The architectural journal, The American Architect and Building News (AABN), was published from 1876 until 1938, when it merged with Architectural Record. It was the first successful architectural journal in the United States. According to Mary Woods, the journal was edited and published by architects and played an important role in the development of the architectural profession in America. Part of the late 19th-century communications revolution in architecture, it was also the first architectural periodical to reproduce photos. As a policy, the AABN did not argue for a particular architectural style, and was, instead, more interested in architectural education and professionalism. The journal also avoided overt architectural criticism in order not to upset their contributors, especially the sources of the illustrations that were so vital to the fledgling journal.

The "Letters from Philadelphia" appeared as part of AABN’s series of anonymous editorial correspondence about the built environment in major American cities, such as New York and Boston, and offer a unique eyewitness account of developments in Philadelphia’s architectural scene, as well as a snapshot of American architecture in the late nineteenth century. Unlike other sections of the journals, the Letters were not illustrated.

This project seeks to contextualize and illustrate the letters for 1876, the first year of the journal's publication, bringing the letters, and the buildings they discuss, to life for the contemporary reader. The letters for 1876, the year of Philadelphia Centennial Exhibition, as well as a high point for the work of architect Frank Furness, provide a fascinating glimpse into Philadelphia's architectural history.

The following web pages contain transcriptions of the three letters that appeared in 1876, with links to illustrated descriptions of the buildings mentioned. To develop the descriptions, we have located images and used a combination of primary and secondary sources. Wherever possible, we have tried to provide a "voice from the past" by searching for articles in The Philadelphia Inquirerand The Public Ledger describing the buildings.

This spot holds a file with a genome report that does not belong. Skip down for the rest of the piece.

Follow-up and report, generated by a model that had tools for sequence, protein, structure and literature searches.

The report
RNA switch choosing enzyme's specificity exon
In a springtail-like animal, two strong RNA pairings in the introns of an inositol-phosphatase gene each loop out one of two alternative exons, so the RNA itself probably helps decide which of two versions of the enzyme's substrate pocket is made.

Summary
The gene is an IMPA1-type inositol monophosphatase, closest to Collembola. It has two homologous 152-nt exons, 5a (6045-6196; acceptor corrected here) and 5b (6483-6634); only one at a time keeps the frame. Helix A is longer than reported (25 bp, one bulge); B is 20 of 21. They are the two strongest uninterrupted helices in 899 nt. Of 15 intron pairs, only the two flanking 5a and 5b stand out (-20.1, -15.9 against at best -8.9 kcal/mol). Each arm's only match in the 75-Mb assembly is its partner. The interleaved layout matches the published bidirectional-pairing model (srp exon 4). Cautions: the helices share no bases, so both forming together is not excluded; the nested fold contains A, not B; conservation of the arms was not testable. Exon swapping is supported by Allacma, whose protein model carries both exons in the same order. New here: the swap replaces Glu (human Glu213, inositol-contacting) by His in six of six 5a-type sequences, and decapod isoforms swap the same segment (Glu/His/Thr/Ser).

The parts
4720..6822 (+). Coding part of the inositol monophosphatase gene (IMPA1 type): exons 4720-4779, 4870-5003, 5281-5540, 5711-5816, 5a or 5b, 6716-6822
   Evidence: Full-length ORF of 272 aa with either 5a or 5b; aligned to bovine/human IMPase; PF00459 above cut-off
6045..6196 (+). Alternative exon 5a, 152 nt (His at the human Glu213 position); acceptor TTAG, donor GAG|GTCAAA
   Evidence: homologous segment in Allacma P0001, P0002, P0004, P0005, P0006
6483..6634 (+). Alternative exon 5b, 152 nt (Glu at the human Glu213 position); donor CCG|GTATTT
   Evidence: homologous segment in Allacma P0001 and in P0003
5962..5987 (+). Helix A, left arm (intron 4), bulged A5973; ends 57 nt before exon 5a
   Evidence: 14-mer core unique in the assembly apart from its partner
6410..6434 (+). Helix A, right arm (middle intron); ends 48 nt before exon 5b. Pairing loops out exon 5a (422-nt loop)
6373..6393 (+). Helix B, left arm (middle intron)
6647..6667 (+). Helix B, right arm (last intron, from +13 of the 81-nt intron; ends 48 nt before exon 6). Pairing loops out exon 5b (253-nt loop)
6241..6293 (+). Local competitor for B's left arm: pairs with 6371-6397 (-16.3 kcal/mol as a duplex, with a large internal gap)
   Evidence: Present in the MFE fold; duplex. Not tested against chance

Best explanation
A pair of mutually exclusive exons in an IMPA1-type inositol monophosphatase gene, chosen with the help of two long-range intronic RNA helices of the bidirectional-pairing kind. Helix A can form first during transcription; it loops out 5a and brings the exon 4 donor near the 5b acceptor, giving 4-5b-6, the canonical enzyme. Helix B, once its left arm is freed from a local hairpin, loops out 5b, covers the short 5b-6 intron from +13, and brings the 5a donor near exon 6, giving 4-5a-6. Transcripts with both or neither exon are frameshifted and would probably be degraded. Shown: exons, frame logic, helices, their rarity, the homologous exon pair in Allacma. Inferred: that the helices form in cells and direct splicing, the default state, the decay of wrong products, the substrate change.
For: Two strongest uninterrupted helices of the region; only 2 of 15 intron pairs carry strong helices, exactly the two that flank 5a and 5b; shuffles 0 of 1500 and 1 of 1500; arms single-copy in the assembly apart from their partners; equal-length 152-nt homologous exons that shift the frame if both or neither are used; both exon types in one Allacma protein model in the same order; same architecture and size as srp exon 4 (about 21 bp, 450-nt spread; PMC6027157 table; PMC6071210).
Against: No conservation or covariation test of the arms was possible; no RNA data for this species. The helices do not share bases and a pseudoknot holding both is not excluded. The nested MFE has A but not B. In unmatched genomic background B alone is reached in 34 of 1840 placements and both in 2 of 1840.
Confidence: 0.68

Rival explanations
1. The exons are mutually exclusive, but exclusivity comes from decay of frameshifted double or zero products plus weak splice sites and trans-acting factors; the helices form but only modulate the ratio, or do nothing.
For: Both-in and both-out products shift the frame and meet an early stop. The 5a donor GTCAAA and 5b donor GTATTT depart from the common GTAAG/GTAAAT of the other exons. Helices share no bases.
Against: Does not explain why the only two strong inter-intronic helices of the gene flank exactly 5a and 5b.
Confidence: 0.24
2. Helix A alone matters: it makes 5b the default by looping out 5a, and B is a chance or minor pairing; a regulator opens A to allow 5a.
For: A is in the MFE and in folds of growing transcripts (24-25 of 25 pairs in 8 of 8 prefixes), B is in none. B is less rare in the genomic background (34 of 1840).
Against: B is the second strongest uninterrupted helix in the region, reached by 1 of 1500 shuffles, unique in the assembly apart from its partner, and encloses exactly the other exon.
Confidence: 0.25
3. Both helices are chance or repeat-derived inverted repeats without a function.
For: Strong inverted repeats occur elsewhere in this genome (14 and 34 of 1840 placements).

These descriptions are only starting points. Philadelphia’s archives offer a wealth of information about the city’s architectural history, and wherever possible we have provided suggestions for further research. The 1876 letters themselves represent only a small sample from the correspondence series, which appeared sporadically and is not included in AABN’s index. A complete survey of the “Letters from Philadelphia” remains a challenge for future researchers.


Letters from Philadelphia, 1876

American Architect and Building News: October 14, 1876, Pages 334-336

The Philadelphia Row House, the New York Mutual Life Insurance Company, Philadelphia City Hall, Philadelphia Masonic Temple, Works of Frank Furness

American Architect and Building News: December 2, 1876, Page 390

Gifts to the City (Centennial Buildings), the Times Building, the Y.M.C.A., St. Mark’s Church, Obituary for William Struthers

American Architect and Building News
: December 23, 1876, Pages 43-44

The Castellani Collection at the Centennial, Sale of Centennial Buildings, Centennial National Bank


Building Index

A list of buildings mentioned in the 1876 letters, with links to descriptions



Sources Cited:

Web Site Prepared by L. Friedman and S. Katz, University of Pennsylvania, Department of Historic Preservation

November 2004